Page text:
and Iliohypogastric Nerves

Fig. 6.1

The lumbar plexus showing the ilioinguinal, iliohypogastric, lateral femoral cutaneous, and genitofemoral nerve. (Reprinted with permission from Dr. Maria Fernanda Rojas)

The lumbar plexus is formed by the ventral rami of nerves L1 to L3 and majority of the ventral ramus of L4, with a contribution from the T12 (subcostal) nerve. Branches of the lumbar plexus include the iliohypogastric, ilioinguinal, and genitofemoral nerves, lateral femoral cutaneous nerve of the thigh, and femoral and obturator nerves (Fig. 6.1). The IH and II nerves arise as a single trunk from the ventral ramus of nerve L1. Either before or soon after emerging from the lateral border of the psoas major muscle, this single trunk divides into the IH and II nerves.


Fig. 6.2

The relationship of the ilioinguinal nerve, iliohypogastric nerve, and abdominal wall muscle. (Reprinted with permission from Philip Peng Educational Series)

The IH nerve emerges along the upper lateral border of the psoas major and passes across the ventral surface of quadratus lumborum muscle, travelling in the fascia lumborum towards the iliac crest. Midway between the iliac crest and twelfth rib pierces the transversus abdominis muscle to lie between it and the internal oblique muscles (Fig. 6.2).The IH nerve then runs inferomedially, piercing the internal oblique muscle above the anterior superior iliac spine (ASIS). From this point, the nerve runs between the internal oblique and external oblique muscles, piercing the external oblique aponeurosis approximately 1 inch above the superficial inguinal ring.

The IL nerve is smaller and emerges along the lateral border of the psoas major, running a similar course that is more oblique and inferior to the IH nerve. It pierces the transversus abdominis and then the internal oblique at its lower border and enters the inguinal canal, emerging through the superficial inguinal ring anterior to the spermatic cord.


Fig. 6.3

Skin region innervated by different nerves in the thigh region. (Reprinted with permission from Dr. Danilo Jankovic)

It supplies the skin of the posterolateral gluteal region and the pubic region over the lower region of the rectus abdominis muscles (Fig. 6.3). Throughout the course, it also supplies branches to the abdominal musculature.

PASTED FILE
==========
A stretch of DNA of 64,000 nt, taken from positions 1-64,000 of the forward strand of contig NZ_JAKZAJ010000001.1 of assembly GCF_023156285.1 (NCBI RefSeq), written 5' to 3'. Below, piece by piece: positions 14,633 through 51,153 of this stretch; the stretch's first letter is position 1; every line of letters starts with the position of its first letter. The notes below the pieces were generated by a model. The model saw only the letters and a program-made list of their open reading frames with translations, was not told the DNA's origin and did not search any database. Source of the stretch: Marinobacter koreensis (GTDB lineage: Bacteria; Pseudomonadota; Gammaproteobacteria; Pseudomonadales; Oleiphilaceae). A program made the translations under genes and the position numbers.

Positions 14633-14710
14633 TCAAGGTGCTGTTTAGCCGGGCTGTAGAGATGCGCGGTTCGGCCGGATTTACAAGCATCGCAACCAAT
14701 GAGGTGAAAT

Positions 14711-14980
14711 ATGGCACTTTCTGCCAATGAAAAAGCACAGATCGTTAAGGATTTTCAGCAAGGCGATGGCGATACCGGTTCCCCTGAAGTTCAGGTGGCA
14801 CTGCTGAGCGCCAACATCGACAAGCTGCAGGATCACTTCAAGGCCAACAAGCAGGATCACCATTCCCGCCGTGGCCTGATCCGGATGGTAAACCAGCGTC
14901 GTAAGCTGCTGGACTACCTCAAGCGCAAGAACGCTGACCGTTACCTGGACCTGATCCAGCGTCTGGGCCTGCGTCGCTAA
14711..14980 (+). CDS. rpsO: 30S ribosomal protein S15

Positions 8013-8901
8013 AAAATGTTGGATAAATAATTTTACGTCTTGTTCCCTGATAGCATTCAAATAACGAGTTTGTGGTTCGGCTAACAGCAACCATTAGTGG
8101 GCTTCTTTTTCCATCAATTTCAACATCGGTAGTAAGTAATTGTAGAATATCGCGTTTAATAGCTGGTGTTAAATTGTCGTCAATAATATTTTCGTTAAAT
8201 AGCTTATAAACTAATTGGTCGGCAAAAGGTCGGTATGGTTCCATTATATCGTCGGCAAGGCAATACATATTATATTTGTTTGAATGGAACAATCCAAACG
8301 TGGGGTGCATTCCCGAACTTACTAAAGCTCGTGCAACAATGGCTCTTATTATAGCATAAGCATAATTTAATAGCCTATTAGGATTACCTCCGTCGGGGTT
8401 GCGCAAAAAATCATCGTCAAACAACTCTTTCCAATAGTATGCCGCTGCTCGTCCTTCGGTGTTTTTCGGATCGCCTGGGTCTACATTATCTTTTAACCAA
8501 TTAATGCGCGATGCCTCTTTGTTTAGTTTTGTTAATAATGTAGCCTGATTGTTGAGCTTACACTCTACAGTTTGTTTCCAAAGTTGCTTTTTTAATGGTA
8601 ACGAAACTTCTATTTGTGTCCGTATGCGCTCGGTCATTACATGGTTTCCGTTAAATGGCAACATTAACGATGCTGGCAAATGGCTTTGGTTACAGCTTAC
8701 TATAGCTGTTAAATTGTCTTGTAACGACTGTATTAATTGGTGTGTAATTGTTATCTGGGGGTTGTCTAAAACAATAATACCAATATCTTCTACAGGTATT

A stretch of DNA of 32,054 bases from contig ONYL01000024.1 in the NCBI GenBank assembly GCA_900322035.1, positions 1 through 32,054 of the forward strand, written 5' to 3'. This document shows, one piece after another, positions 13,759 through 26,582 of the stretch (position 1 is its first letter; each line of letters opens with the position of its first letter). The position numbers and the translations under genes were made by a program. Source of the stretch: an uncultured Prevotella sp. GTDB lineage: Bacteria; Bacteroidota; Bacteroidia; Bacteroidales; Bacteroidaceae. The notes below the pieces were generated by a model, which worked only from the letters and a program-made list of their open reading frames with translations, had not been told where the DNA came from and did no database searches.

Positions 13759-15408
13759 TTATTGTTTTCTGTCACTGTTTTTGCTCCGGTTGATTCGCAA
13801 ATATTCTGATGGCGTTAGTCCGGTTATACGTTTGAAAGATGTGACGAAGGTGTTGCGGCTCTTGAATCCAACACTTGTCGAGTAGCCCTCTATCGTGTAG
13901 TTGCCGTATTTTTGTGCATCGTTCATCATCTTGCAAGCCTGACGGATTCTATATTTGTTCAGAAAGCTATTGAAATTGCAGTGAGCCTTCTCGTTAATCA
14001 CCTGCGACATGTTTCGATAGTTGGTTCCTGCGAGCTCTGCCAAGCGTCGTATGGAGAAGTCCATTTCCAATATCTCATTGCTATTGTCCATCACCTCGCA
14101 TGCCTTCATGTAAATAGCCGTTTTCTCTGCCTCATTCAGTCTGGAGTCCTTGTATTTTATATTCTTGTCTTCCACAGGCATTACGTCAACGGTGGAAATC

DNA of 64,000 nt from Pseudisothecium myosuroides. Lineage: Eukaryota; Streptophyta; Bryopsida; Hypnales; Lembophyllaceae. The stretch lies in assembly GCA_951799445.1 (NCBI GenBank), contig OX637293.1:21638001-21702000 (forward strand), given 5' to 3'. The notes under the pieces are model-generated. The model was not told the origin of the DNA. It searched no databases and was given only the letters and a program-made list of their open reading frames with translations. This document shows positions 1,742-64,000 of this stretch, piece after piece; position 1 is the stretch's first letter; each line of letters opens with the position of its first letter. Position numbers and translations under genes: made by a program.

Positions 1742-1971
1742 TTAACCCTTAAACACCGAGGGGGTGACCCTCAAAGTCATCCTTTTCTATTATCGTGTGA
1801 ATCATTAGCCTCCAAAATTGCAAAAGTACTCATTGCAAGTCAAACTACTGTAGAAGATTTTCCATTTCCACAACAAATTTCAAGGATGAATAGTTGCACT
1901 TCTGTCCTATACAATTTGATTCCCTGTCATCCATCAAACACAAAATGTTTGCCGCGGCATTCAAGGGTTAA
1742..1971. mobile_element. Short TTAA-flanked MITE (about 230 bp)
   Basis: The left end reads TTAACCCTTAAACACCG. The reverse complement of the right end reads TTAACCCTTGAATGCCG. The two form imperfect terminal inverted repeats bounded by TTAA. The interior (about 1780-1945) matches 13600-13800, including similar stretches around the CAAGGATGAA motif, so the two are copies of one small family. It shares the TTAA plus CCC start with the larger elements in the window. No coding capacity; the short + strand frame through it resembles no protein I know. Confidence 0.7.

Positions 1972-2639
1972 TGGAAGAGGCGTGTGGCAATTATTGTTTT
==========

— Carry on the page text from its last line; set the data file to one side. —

The nerve provides sensory innervation to the skin over the root of the penis and the anterior surface of the scrotum in men (mons pubis and lateral labium majora in women) and superomedial thigh region, although the sensory innervation is variable. Throughout the course, it also supplies branches to the abdominal musculature.

The border nerves anatomic variations are well documented as one or more of the nerves are frequently absent in dissections. There are free communications between all these nerves and they innervate common dermatomes. The inguinal course of the II and IH may be consistent with the classic textbook description in only 42% of the dissections. Rab et al. delineate four different types of branching patterns in these nerves, and only 20% correspond to the normal distribution of the nerves. However, the location of II and IH nerves is quite consistently lateral and superior to the ASIS where the nerves are found between the transversus abdominis and internal oblique muscle layers (90%).

Patient Selection

Most of the patients have a previous history of surgery and a small subset of patients with no history of trauma. Involvement of II or IH nerves causes pain in the lower abdominal wall, which sometimes radiates to the genital area. There are two patterns related to previous trauma: early and late. The early is self-explanatory. The late presentation may be related to reduced mobility of the nerves, which are used to glide between muscle and fascia planes with movement. With scarring, the mobility decreases which contributes to microtrauma of the nerves.

The diagnosis remains primarily clinical. There is no pathognomonic imaging and laboratory and electrophysiology investigation for inguinal neuralgia. The clinician has to differentiate this from the visceral pain that is deep seated and poorly localized. Sensory change with objective signs is sometimes present. Other physical signs include a discrete tender spot, abnormal pain sensitivity (allodynia and hyperalgesia), and Tinel’s sign.

The block serves both diagnostic and therapeutic roles. If the patient responds well to the analgesic injection with effects lasting for a few weeks, it is worthwhile to repeat the injections. Because of the potential systemic effects of steroids, it is prudent to avoid frequent repeated injections. The alternative options are pulsed radiofrequency, surgical nerve exploration and release (triple neurectomy), or implantation of peripheral nerve stimulator.

Ultrasound Scanning

  • Position: Supine

  • Probe: Linear 6–13 MHz

Oct 20, 2020 | Posted by in ANESTHESIA | Comments Off on and Iliohypogastric Nerves
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